The passing of the organic law on Independent Commission against Corruption (Icac) and its establishment is widely applauded by international development partners along with the PNG watchdog, Transparency International PNG (TIPNG).
The Government, in its unanimous voting of the Icac Bill, steadfastly designated the commitment of the regime to a campaign against corruption on top of the development agendas.
“Evil triumph when good men do nothing,” a reflective statement by Irish statesman and philosopher Edmund Burke.
This catch phrase points that unless corruption is checked and plaided, it will poison our systems and erode standards.
The commission is the pillar of hope for PNG to empower people, take action against corruption and exert to protect the integrity of the people, institutions and the nation.
An adaptation from TIPNG, the key function of the commission would be to prevent and reduce corruption through research and development, investigate and prosecute corrupt conduct and to arrest a person of corrupt bearing.
The function of the commission will not intersect or overlap the roles of other constitutional offices such as the Ombudsman Commission (OC), police and office of public prosecutor.
Icac expands the range and jurisdiction of combating corruption while the OC only investigate leaders under the leadership code.
The OC does not have the authority to arrest and prosecute, conversely, Icac is endowed to investigate, arrest and prosecute persons of fraudulent demeanour in the society.
Icac focus is on official corruption and accrual of unexplained affluence and fortune.
One of the distinctive features of Icac is that its administration of corruption is constricted and compressed with minimal or zilch chances of appeal to charges laid and undeniably the commission is a colossal monster of its own.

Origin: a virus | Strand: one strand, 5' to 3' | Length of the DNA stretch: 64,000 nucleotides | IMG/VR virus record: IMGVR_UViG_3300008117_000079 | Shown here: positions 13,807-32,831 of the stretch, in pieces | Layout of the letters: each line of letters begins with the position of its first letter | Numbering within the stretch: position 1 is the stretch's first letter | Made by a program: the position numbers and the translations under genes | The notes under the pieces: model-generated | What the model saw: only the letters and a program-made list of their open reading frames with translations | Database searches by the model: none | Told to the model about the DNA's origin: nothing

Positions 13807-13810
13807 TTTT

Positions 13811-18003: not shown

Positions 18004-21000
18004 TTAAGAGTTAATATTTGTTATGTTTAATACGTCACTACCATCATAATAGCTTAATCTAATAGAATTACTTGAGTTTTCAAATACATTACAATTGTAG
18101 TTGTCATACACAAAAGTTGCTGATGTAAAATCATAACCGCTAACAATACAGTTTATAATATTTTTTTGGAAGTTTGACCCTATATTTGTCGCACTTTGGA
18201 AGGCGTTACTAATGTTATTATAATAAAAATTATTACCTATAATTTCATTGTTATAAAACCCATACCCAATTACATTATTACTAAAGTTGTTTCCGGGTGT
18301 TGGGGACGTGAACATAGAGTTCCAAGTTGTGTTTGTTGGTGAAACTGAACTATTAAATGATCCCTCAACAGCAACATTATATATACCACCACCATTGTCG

The real challenge of the commission will be to ensure the regulations and conventions that guide the commission must work.
The Icac must be adequately funded, resourced, and staffed to be effective and tenaciously live up to its purpose.
Citizens are now enabled and protected by the Whistleblower Act 2020 to come forward and report corruption.
The government is extolled for its solemnity in fighting corruption.
The onus is now on the responsible authorities to come up with a national awareness strategy to educate and inform the civil society on the processes and procedures of reporting corruption.
Moored on the 2018 PNG Apec theme “Embracing Digitalisation with Inclusiveness in Development” is the game changer in the expedition for making PNG a rich black nation in the world by 2030.
A design of an integrated electronic system of reporting and governing corruption in real time will amplify the prospect to report and accelerate foreseen outcomes of regulatory quality, hence radically improving our ratings in the World Corruption Index.
David Kawage Bitno,